3. While Petitioner is under impression that his application is properly filed with this Court under Section 2241, Petitioner errs. This Court is without jurisdiction under § 2241 to entertain the Petition. A court presented with a petition for writ of habeas corpus "shall forthwith award the writ or issue an order directing the respondent to show cause why the writ should not be granted, unless it appears from the application that the applicant or person detained is not entitled there."
28 U.S.C. § 2243. Thus, "[f]ederal courts are authorized to dismiss summarily any habeas petition that appears legally insufficient on its face." McFarland, 512 U.S. at 856; see also United States v. Thomas, 221 F.3d 430, 437 (3d Cir. 2000); Siers v. Ryan, 773 F.2d 37, 45 (3d Cir.), cert. denied, 490 U.S. 1025 (1985).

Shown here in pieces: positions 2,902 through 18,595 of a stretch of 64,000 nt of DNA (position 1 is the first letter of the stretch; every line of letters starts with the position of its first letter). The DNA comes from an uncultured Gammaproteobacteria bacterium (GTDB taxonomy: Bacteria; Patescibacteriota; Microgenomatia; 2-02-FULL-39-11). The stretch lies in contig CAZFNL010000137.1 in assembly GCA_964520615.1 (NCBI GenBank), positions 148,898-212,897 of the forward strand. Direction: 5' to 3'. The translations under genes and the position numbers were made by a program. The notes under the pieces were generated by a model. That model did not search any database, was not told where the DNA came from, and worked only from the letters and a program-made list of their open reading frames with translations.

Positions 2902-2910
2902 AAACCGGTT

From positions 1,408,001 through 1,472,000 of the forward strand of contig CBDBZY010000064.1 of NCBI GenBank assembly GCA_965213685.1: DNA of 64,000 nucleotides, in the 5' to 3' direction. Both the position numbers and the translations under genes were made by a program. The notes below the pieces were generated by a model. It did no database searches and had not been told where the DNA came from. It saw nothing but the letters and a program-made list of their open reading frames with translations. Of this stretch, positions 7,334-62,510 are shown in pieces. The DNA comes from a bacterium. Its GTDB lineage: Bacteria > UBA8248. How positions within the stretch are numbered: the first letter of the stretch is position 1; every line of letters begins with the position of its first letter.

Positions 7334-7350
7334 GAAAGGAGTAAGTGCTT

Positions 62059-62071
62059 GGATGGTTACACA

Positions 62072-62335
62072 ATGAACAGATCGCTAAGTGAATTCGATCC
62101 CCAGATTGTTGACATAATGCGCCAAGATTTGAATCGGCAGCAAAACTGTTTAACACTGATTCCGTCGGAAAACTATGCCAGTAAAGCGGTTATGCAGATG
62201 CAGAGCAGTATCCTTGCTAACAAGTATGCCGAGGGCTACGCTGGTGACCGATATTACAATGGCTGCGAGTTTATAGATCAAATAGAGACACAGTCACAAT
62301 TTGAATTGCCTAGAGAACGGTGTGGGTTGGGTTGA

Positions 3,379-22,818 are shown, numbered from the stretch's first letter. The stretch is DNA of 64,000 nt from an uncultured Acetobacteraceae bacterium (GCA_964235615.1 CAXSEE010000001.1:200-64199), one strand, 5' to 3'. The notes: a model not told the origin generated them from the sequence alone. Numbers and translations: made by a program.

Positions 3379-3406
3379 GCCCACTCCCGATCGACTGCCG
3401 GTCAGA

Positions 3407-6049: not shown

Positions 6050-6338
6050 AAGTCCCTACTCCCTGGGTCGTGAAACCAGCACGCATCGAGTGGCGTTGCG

4. Section 2241 of Title 28 of the United States Code provides in relevant part:
The writ of habeas corpus shall not extend to a prisoner unless- . . . He is in custody in violation of the Constitution or laws or treaties of the United States. 28 U.S.C. § 2241(c)(3). As a result of the practical difficulties encountered in hearing a challenge to a federal sentence in the district of confinement rather than the district of sentence, in its 1948 revision of the Judicial Code, Congress established a procedure whereby a federal prisoner might collaterally attack his sentence in the sentencing court.*fn1 See 28 U.S.C. § 2255; Davis v. United States, 417 U.S. 333, 343-44 (1974); United States v. Hayman, 342 U.S. 205, 219 (1952). Section 2255 provides in relevant part: